Turkey’s determination not to send combat troops to Afghanistan and its demand that Armenia pull out of a disputed Azerbaijani enclave will likely dominate a key meeting between Turkish and U.S. leaders, according to international-relations experts.
Experts responded to four questions on the critical issues: the wars in Afghanistan and Iraq, Iran’s nuclear impasse with the West and the recent thaw in Turkish-Armenian relations. They shared their views with the Hürriyet Daily News & Economic Review about what U.S. President Barack Obama and Turkish Prime Minister Recep Tayyip Erdo?an might discuss during their meeting in Washington, D.C.,today.
The meeting comes a few days after Obama’s decision to bolster the U.S. military presence in Afghanistan by 30,000 troops. As he departed for the United States, Erdo?an said Turkey would not send combat troops to Afghanistan.
Experts from both Turkey and the U.S. have echoed the same thoughts over Turkey’s decision on Afghanistan and said Erdo?an would stick to his government’s policy about staying on as peacekeeping forces in the war-torn country.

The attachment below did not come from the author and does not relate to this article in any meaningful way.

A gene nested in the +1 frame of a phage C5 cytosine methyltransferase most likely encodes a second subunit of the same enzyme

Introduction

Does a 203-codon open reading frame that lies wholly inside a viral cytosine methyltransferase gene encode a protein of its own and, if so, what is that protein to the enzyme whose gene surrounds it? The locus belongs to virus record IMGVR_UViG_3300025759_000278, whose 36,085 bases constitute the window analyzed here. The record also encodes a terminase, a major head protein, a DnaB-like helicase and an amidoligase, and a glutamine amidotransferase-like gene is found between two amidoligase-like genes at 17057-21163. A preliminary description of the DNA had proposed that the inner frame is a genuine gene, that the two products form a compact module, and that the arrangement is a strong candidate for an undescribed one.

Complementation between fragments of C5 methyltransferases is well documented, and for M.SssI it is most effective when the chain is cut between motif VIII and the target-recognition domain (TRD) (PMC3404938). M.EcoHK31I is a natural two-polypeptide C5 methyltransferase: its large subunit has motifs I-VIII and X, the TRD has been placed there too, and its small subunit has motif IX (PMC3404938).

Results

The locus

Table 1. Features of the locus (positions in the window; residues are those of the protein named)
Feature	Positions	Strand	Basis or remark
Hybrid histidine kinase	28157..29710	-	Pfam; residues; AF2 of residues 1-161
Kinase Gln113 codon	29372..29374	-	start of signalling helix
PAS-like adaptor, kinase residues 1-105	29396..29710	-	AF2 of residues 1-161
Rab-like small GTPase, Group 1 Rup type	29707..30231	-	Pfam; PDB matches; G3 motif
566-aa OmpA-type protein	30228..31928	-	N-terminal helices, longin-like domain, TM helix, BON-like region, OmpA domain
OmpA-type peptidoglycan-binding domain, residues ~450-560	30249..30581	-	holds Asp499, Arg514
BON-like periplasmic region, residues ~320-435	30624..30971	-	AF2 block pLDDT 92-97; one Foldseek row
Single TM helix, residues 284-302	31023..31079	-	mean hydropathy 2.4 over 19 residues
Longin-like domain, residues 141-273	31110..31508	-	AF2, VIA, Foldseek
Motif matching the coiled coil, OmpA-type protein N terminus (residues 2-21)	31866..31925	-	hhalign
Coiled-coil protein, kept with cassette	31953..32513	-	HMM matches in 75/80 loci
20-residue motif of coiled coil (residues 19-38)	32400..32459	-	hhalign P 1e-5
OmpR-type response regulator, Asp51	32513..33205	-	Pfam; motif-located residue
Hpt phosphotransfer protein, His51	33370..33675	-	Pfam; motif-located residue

Experts also said the Turkish prime minister would ask Obama to push Armenia for a withdrawal from the disputed Azerbaijani enclave of Nagorno-Karabakh.
On Iran’s controversial nuclear drive, Semih ?diz, a columnist for daily Milliyet, said Erdo?an’s hand is weak on Iran, while Sabri Sayar?, an international-relations professor from Sabanc? University, described the issue as the most sensitive one.
The withdrawal of U.S. forces from Iraq will also likely be on the table during the meeting, Sayar? said.
?lter Turan, an international-relations expert from Bilgi University, said Erdo?an would seek the United States’ cooperation against the outlawed Kurdistan Workers’ Party, or PKK.